The following was published on The Borgen Project’s Magazine. You can read it here.
SEATTLE — Niger is the second least developed country in the world, according to a 2016 U.N. report. Of the 19.8 million people in Niger, 49 percent live in poverty, 81 percent live in rural areas where food insecurity is high and 20 percent lack sufficient levels of food. Niger has a 3.9 percent annual growth rate–one of the highest in the world–and is prone to political instability and food insecurity. There are many contributing factors to poverty and instability in Niger. However, a major source compounding the situation is Boko Haram, a terrorist group originating in Nigeria.
The Rise of Boko Haram
Founded in 2002 by the cleric Mohammad Yusuf, Boko Haram began as an organization intending to teach Wahhabism, a fundamentalist Islamic ideology focused on purely monotheistic worship. The organization’s name has become loosely translated to “Western education is forbidden.” This translation ties into the group’s primary belief: all aspects of Western culture are prohibited due to Boko Haram’s belief that Western teaching has contributed to the severe poverty that Nigeria faces today.
Following the end of the Sokoto Caliphate in 1903, British colonial missionaries came to power in Nigeria. Christianity and Western education were imposed on the indigenous populations, fostering suspicion and mistrust. Yosuf and his followers believed that the Western Christian education, introduced by the British colonialists, “was responsible for entrenching the status quo in a country in which 60 percent of the population live in dire poverty on less than $1 a day,” according to The Independent. Furthermore, the majority of Nigeria’s wealth resides with the Christian populations in the south.
To say that a terrorist organization such as Boko Haram has emerged solely due to poverty–or any one cause–would be an inaccurate oversimplification of complex political, economic and cultural issues. That said, poverty has had a hand in exacerbating tensions and potentially contributing to a much greater problem.
Boko Haram emerged in the poorest part of Nigeria, where more than 50 percent of the population is malnourished and 71.5 percent live in extreme poverty. The emergence of Boko Haram, and its subsequent violent extremism, has spilled over the border into Niger, heightening poverty and instability in Niger.
Poverty in Niger
Niger has been relatively peaceful over the last few years, though conflict from violent extremist groups outside its borders, such as Boko Haram in Nigeria, have caused an increase in people seeking refuge, a strain on national resources and further instability in Niger.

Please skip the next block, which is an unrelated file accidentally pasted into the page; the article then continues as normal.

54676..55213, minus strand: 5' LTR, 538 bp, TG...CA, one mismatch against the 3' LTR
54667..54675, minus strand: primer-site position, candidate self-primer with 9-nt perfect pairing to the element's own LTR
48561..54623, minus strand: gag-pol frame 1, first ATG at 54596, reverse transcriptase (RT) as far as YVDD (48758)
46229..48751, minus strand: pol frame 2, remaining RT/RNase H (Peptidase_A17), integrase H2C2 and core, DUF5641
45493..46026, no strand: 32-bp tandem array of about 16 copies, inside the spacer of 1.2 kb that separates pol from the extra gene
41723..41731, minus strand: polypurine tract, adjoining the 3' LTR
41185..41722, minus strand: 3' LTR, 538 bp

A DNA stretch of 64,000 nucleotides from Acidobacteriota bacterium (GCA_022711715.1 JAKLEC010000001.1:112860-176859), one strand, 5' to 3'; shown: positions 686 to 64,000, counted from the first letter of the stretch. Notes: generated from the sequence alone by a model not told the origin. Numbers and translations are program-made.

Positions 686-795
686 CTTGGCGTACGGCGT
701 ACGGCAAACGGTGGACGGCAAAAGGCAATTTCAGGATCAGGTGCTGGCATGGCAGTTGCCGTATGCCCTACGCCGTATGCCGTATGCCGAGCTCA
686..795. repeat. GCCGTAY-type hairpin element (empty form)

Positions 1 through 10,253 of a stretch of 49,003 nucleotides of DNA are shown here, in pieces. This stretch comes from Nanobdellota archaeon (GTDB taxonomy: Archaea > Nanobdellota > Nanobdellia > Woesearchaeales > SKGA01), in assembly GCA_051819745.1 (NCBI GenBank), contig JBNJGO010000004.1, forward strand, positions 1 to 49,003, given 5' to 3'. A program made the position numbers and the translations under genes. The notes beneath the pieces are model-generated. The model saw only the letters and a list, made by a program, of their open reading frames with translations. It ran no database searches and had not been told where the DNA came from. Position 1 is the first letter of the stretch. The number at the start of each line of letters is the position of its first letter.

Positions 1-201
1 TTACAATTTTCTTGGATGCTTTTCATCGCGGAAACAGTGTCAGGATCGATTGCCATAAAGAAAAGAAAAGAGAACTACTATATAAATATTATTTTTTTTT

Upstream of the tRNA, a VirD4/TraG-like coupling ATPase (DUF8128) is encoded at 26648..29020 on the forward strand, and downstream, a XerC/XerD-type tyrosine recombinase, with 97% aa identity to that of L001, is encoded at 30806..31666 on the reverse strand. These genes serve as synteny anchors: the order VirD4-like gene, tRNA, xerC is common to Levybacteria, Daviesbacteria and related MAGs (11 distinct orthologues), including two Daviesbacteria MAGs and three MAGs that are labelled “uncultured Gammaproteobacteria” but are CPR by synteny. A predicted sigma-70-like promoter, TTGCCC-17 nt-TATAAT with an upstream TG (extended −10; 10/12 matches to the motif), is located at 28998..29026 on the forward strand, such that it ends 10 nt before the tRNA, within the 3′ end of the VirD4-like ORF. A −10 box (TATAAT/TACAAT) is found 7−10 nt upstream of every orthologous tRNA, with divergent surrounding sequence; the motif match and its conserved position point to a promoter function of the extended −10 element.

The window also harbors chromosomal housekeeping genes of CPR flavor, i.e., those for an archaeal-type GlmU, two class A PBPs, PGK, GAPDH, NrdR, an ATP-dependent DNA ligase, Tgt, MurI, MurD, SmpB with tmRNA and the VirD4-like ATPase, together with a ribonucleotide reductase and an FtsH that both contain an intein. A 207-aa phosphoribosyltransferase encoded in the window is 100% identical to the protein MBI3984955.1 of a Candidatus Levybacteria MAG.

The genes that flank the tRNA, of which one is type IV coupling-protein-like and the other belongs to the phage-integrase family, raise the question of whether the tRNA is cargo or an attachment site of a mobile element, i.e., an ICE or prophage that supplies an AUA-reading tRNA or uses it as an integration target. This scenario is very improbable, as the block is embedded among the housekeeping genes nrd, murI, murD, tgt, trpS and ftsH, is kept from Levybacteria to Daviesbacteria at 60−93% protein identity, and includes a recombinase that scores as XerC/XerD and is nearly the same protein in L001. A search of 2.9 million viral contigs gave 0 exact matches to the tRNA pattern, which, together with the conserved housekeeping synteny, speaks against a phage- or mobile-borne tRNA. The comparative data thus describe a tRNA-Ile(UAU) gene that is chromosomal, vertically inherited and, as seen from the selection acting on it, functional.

In 2017, the political climate of Niger was stable, though the arrival of Boko Haram in Niger caused security disruptions along the border of the Diffa region. Jihadist attacks and drug smuggling in the Tillaberi and North Tahou regions encouraged the Niger government to bolster defense and security forces and to launch new military operations.
The G5 Sahel countries (Burkina Faso, Mali, Chad, Niger and Mauritania) launched Operation Barkhane and MINUSMA in 2014 and 2013, respectively, to combat terrorism in these regions. In Bamako in July 2017, a new military operation is estimated to cost €423 million, plunging Niger into a public debt of 37 percent of its GDP in 2018.
The devastation caused by Boko Haram has amplified instability in Niger: food insecurity has increased, governmental debt has skyrocketed and a humanitarian crisis is underway, due to the 300,000 refugees and displaced persons in Niger. Due to the military operations, the government has closed markets, restricted access to land for farming and banned fishing. The incomes of the people of eastern Niger have been reduced to a tenth of what they had been before Boko Haram invaded Niger.
The emergency measures are severely limiting people’s access to food, markets, money and supplies, contributing to increased food insecurity and reliance on humanitarian aid. The increased spending on security and Niger’s hosting of refugees is estimated to cost 1 percent of Niger’s annual GDP. To cope with the humanitarian needs of local Nigeriens and the refugees from Nigeria, the Niger government has requested assistance from developmental partners and implemented a $40 million emergency plan.
Solutions to Instability in Niger
Despite the high rates of poverty and instability in Niger exacerbated by violent extremist groups such as Boko Haram, there are many organizations working to reduce poverty.
Save the Children has made progress in Niger by integrating health, protection and nutrition programs. Additionally, they are working to increase children’s access to education, deliver lifesaving medications and alleviate suffering among child refugees, internally displaced children and returnees.
Concern Worldwide, an international agency, has been integrating food security, health and education programs in Niger since 2005. These programs are designed to strengthen the healthcare system by providing additional support and training, food, medicine and equipment. Additionally, Concern Worldwide distributes seeds to Niger’s farmers and trains them on better farming techniques to help improve their crop yields and food production.
The United Nations High Commissioner for Refugees and the International Rescue Committee both provide protection, assistance and emergency support in Niger and Nigeria for victims fleeing Boko Haram attacks. The International Rescue Committee is working with local primary care facilities to improve sanitation and reduce malnutrition in Niger.
Though instability in Niger is severe and influenced by a variety of factors, one of which is Boko Haram, there are many organizations working in Niger to lessen the devastating impact of poverty.